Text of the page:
This post first appeared at Macrobusiness
Public debate over Internet piracy is riddled with contradictions and fingerprints of vested interests. In the US, congress is considering the Stop Online Piracy Act (SOPA), while in Australia, an alliance of internet service providers had their proposal to crack down on piracy rejected by the Australian content Industry Group (group of music, software and games content owners). The proposal:
…would see an ISP provide one education notice, three warning notices and one discovery notice to customers alleged to have infringed on copyright by the copyright holder, and, if a customer continued to infringe after this, the ISPs would tell the rights holder, which may then decide to apply for a subpoena to get access to the customer’s details for legal action.
Given that the application of knowledge is the engine of economic growth, one must intuitively consider copyright and patent laws as a significant burden on growth (China?). Moves to curb piracy, as many economists are keen to point out, generally reduce consumer welfare, and in many cases reduce the profits of content owners who benefit from platform effects.
A key misapplied economic in the piracy debate is that greater incentives ‘bring about’ greater supply. That somehow, without a massive payoff, people would stop inventing and creating. Imagine, people following their passions, even in something as obscure as blogging about economics, for their own rewards, rather than monetary payment. History shows that creative contributions are independent of copyright and even patent protection.
Or, as The Economist magazine put it recently, “copyright theft robs artists and businesses of their livelihoods”. Given that regulations create markets, and market actors play by the rules of the game, this point is partly true. But is begs the question of whether markets provide better outcomes for both producers and consumers with or without copyright laws (or the evasion of the laws).
Consider the music industry. Recent research suggests that music piracy can be beneficial to the music industry as a whole, but not those who are already superstars.
The effect of this is that piracy increases the diversity of music in the short run, and increases the supply of superstars in the longer run. In this sense, piracy is efficient, as it corrects a market imperfection.
This raises the possibility that opposition to file-sharing is strongest amongst those performerswhose success depends upon their fame more than their ability.
In software markets the ‘victims’ of piracy gain substantial benefits through platform effects (the result of strangely named two-sided markets). The battle between mobile operating systems is demonstrating how platform effects work. If Apples iOS is a platform for selling apps and music through online stores, Apple should be happy with piracy of its operating system, because the more ubiquitous their system, the more valuable their platform dependent inline retailing. Microsoft, especially with its Office suite, shows that being ubiquitous means a cornering the market so that competitors cannot crack it. Everyone insists on perfect compatibility with Office, because it is so common. And it is partly so common because of the degree of piracy, rather than of sales. Without piracy, these effects are greatly diminished.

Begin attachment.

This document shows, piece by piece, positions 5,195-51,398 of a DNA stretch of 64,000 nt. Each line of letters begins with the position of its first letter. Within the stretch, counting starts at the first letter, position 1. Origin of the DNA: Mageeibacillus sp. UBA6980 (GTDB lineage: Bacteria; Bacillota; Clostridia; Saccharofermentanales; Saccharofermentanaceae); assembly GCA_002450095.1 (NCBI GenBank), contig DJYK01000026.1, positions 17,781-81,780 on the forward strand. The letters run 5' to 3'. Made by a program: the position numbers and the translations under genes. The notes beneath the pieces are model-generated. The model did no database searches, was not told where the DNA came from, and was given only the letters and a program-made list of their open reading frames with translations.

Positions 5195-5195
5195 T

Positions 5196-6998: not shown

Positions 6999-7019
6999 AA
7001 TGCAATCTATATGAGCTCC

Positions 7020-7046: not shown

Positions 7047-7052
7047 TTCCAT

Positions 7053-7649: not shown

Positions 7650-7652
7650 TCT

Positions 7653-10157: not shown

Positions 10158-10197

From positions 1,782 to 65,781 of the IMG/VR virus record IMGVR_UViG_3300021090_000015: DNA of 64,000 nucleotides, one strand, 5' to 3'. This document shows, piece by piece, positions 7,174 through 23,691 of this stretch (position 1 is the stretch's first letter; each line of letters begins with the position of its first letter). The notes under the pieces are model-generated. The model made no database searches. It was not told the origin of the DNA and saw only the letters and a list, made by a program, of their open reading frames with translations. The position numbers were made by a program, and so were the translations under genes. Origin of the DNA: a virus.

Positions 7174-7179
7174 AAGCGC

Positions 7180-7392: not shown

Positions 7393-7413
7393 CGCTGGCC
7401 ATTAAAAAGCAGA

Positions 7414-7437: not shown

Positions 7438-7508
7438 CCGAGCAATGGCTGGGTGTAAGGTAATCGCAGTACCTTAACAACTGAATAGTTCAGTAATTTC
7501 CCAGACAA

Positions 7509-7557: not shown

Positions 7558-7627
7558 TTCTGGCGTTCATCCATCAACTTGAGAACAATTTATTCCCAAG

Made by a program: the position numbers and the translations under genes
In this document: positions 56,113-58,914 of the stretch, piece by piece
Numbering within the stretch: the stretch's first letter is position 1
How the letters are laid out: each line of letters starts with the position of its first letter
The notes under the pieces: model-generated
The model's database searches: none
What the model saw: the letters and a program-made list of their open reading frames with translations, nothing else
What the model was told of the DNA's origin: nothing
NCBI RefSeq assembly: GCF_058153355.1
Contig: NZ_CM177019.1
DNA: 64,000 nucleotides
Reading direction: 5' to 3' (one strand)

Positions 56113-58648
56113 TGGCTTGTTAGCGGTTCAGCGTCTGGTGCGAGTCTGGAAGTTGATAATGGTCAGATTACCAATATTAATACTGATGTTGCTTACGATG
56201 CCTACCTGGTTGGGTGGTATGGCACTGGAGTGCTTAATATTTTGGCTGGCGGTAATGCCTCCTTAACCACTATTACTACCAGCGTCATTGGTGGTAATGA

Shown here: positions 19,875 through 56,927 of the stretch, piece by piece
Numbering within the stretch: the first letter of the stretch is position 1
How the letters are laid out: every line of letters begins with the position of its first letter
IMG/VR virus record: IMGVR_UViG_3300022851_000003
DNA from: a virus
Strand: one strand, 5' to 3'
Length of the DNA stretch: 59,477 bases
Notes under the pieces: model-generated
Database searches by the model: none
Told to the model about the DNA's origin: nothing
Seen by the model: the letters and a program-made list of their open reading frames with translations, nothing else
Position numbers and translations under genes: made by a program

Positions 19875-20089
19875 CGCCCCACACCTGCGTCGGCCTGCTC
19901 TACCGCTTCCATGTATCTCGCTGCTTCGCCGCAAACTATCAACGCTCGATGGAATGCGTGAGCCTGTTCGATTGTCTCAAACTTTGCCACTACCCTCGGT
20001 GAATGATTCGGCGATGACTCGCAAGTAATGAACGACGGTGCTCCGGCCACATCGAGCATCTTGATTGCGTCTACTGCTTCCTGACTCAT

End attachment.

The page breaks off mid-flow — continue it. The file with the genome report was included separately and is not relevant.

Microsoft has even suggested that if you are going to pirate software, make sure it is theirs.
For some time, big software companies have tried to make the argument that a copy of pirated software is equivalent to a lost sale This is pretty ridiculous for a couple reasons. For one thing, there’s no reason to think that a given user of pirated software would have actually purchased a legitimate copy.
Furthermore, the argument ignores the fact that companies actually benefit in some ways from piracy, because a user of pirated software is likely to purchase software from the same maker at some point down the road. This latter point is something that even Bill Gates has admitted, even while Microsoft continues to talk tough about cracking down on piracy.
Now the company is stating more clearly that it knows there are some benefits to piracy. Jeff Raikes, head of the company’s business group, said at a recent investor conference that while the company is against piracy, if you are going to pirate software, it hopes you pirate Microsoft software. He cited the above reasoning, noting that users of pirated Microsoft software are likely to purchase from the company later on. He said the company wants to push for legal licensing, but doesn’t want to push so hard so as to destroy a valuable part of its user base.
The company recently got a stark reminder of this lesson when a school in Russia said it wouldswitch to Linux to avoid future hassles with the pirate police. Of course, this moderate stance seems at odds with the company’s recent hyper-aggressive anti-piracy push, which resulted in many mistaken piracy accusations. Either way, Raikes’ comments completely destroy the line about pirated software being equivalent to lost sales; if it actually were, Raikes would be telling people to pirate the software of Microsoft’s competitors.
Google is probably the best example of a platform business. Their Chief Economist Hal Varian has been known to comment that whatever new software Google produces, if it increases the attraction of the Internet, then it is good for Google.
Content piracy has improved our lives, with some very minor costs to a small group of content owners whose lobbying efforts have already results in having the rules changed in their favour (thank Walt Disney). Whether this trend persists in the light of rapidly evolving content distribution methods I am not sure.